More Canadian Artists being covered
It’s a lengthy list for me to make my way through the rest of it but over the next few blogs I will highlight a few more covered songs written or originally performed by Canadians.
“(Everything I Do) I Do It for You” by Bryan Adams, Written by; Bryan Adams, Michael Kamen, Robert John “Mutt” Lange. You likely know this song was written for and featured in the (1991) film Robin Hood: Prince of Thieves.
To say this song was a mega hit is a bit of an understatement, it peaked at number one on every documented music chart in the world. It broke the record for most consecutive weeks at number one in the UK and was the song of the year in Canada for 1991.
An Article by Henry Yates July 27, 2016 tells the story about this song.
Released in June 1991, here is Bryan Adams
in 1992 (covered 68 times).
(2017) a cleverly done Acapella version, you might think some of the background to be instruments or electronic sounds but I’m pretty sure it’s all voice. This song is really a tough act to follow and therefore I think hard to cover it well, here are a couple more versions;
Also performed in Czech, Dutch, German, Italian and Spanish. There are 17 instrumental versions.
If you are a Family Guy fan you might remember Stewie
doing this song.
I’ve already talked about some of The Band covers but this next one was a huge song for them;
“The Night They Drove Old Dixie Down
” written by Robbie Robertson, released on the album “The Band” in 1969, covered over 60 times. You will never run out of Johnny Cash
here (released in 1975). Joan Baez
covered this in 1971 and I believe it was her biggest hit song, here is a clip from a great music show “The Midnight Special” which aired in the 1970’s.The Sheepdogs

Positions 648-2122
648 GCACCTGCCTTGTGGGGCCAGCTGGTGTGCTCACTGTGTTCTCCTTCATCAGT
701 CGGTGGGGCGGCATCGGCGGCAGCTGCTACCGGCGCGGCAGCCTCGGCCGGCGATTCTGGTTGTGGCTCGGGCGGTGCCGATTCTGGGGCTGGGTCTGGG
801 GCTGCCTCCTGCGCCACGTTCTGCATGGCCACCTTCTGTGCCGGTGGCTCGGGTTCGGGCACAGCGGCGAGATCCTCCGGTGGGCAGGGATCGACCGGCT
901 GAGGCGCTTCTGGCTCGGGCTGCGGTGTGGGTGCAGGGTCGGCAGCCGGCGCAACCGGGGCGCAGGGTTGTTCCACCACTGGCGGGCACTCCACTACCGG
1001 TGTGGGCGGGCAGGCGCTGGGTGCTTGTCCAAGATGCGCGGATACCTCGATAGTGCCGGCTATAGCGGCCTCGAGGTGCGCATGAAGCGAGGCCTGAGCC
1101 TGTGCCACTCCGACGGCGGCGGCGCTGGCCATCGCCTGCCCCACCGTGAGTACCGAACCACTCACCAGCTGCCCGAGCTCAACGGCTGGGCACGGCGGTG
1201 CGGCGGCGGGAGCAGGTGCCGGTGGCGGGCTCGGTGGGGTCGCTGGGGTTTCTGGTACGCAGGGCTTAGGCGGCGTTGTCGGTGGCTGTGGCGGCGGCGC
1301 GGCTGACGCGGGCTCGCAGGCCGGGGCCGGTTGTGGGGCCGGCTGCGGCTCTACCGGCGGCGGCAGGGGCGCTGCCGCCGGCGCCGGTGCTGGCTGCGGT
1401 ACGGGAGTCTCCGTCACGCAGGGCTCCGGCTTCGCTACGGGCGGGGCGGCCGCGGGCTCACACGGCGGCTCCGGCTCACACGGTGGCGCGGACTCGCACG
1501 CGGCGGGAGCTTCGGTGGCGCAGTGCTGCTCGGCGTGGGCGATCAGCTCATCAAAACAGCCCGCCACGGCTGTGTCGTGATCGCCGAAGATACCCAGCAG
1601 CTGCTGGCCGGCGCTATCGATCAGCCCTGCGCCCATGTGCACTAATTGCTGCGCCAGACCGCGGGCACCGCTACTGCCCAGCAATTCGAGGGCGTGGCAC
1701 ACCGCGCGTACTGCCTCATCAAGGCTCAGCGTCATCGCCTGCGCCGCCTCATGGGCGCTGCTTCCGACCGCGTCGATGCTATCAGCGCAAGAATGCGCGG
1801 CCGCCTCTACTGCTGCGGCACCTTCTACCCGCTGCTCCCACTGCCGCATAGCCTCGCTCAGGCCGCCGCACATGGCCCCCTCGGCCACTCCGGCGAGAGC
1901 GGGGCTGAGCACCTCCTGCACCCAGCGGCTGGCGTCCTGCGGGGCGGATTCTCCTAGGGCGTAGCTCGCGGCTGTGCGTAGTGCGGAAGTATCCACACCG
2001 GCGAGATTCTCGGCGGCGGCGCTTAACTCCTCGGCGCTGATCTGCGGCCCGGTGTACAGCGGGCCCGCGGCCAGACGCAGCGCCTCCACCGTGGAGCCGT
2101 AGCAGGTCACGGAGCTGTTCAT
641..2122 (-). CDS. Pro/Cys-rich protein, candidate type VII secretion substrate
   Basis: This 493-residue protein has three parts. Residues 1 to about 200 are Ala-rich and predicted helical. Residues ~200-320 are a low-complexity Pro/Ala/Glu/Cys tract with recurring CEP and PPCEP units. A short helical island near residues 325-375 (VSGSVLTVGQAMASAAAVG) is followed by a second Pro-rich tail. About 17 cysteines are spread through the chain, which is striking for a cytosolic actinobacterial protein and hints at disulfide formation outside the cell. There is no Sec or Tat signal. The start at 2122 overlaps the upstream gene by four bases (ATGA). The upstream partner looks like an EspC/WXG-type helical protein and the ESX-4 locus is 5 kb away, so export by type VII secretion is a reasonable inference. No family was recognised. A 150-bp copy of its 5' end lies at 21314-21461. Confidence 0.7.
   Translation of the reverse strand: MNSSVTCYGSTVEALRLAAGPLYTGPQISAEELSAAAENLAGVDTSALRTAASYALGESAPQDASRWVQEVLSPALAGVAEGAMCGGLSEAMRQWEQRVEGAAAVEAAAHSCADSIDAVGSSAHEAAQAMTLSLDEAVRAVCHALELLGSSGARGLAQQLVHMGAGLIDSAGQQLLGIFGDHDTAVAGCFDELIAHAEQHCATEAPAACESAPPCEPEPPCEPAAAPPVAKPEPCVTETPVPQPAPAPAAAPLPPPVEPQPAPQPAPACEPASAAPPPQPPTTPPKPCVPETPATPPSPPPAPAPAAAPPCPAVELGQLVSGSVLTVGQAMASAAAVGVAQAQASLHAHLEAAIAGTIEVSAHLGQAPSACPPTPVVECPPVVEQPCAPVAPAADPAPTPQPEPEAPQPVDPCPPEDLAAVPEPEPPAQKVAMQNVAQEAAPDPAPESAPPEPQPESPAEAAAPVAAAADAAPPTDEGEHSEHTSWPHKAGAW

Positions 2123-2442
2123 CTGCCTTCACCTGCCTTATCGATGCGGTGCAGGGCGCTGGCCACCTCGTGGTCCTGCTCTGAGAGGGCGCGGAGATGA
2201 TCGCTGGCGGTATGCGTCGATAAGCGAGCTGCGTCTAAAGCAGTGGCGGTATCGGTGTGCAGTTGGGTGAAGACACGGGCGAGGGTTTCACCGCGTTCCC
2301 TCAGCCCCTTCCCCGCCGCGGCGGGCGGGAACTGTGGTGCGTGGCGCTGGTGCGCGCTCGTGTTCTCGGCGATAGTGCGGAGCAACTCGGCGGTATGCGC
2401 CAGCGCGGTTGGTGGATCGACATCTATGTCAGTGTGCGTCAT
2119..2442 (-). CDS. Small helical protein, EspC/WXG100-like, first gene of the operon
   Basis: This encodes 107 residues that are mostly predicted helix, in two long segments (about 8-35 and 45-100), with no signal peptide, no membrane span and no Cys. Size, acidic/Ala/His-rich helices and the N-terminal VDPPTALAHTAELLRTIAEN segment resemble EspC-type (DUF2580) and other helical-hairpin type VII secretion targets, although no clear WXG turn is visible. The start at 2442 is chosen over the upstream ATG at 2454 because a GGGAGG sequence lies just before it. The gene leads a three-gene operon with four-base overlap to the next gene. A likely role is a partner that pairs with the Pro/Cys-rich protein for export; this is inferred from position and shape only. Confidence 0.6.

from a live performance and not an ‘official’ documented cover. Also covered by John Denver, the Black Crowes, Jerry Garcia and most recently in 2016 by Luis Prado from Spain.
If some of the comments on YouTube are any indication this song continues to spark debate about the American south v. north during and after the Civil War and a whole lot of other stuff as well and a lot of crap that comes from social media in general. Although the verses in the original song were sung by a ‘southerner’, Levon Helm being from Arkansas the song was written by a young man who was born in Toronto (1943) and a true songwriting and guitar playing genius. Not to mention the rest of The Band-all Canadians. I’ve read that Robertson put a lot of thought into writing this song and it shows, he was also heavily influenced by Levon Helm and if not writing it for him he was certainly top of mind.
Here is an excerpt from Wikipedia about the song;
“It was #245 on Rolling Stone magazine’s list of the 500 greatest songs of all time. Pitchfork Media named it the forty-second best song of the Sixties. The song is included in the Rock and Roll Hall of Fame’s “500 Songs that Shaped Rock and Roll” and Time magazine’s All-Time 100.
Ralph J. Gleason (in the review in Rolling Stone (U.S. edition only) of October 1969) explains why this song has such an impact on listeners:
Nothing I have read … has brought home the overwhelming human sense of history that this song does. The only thing I can relate it to at all is The Red Badge of Courage. It’s a remarkable song, the rhythmic structure, the voice of Levon and the bass line with the drum accents and then the heavy close harmony of Levon, Richard and Rick in the theme, make it seem impossible that this isn’t some traditional material handed down from father to son straight from that winter of 1865 to today. It has that ring of truth and the whole aura of authenticity.”
While not as significant I think as “The Weight” which I plan to blog about, this song has clearly made a lasting impression on those who choose to listen carefully or those who just think ‘hey’ it’s a great tune to listen too.
Some interesting stuff here;
There is always more to making a song than the singer, but sometimes the singer makes the song. Thanks for reading my blog!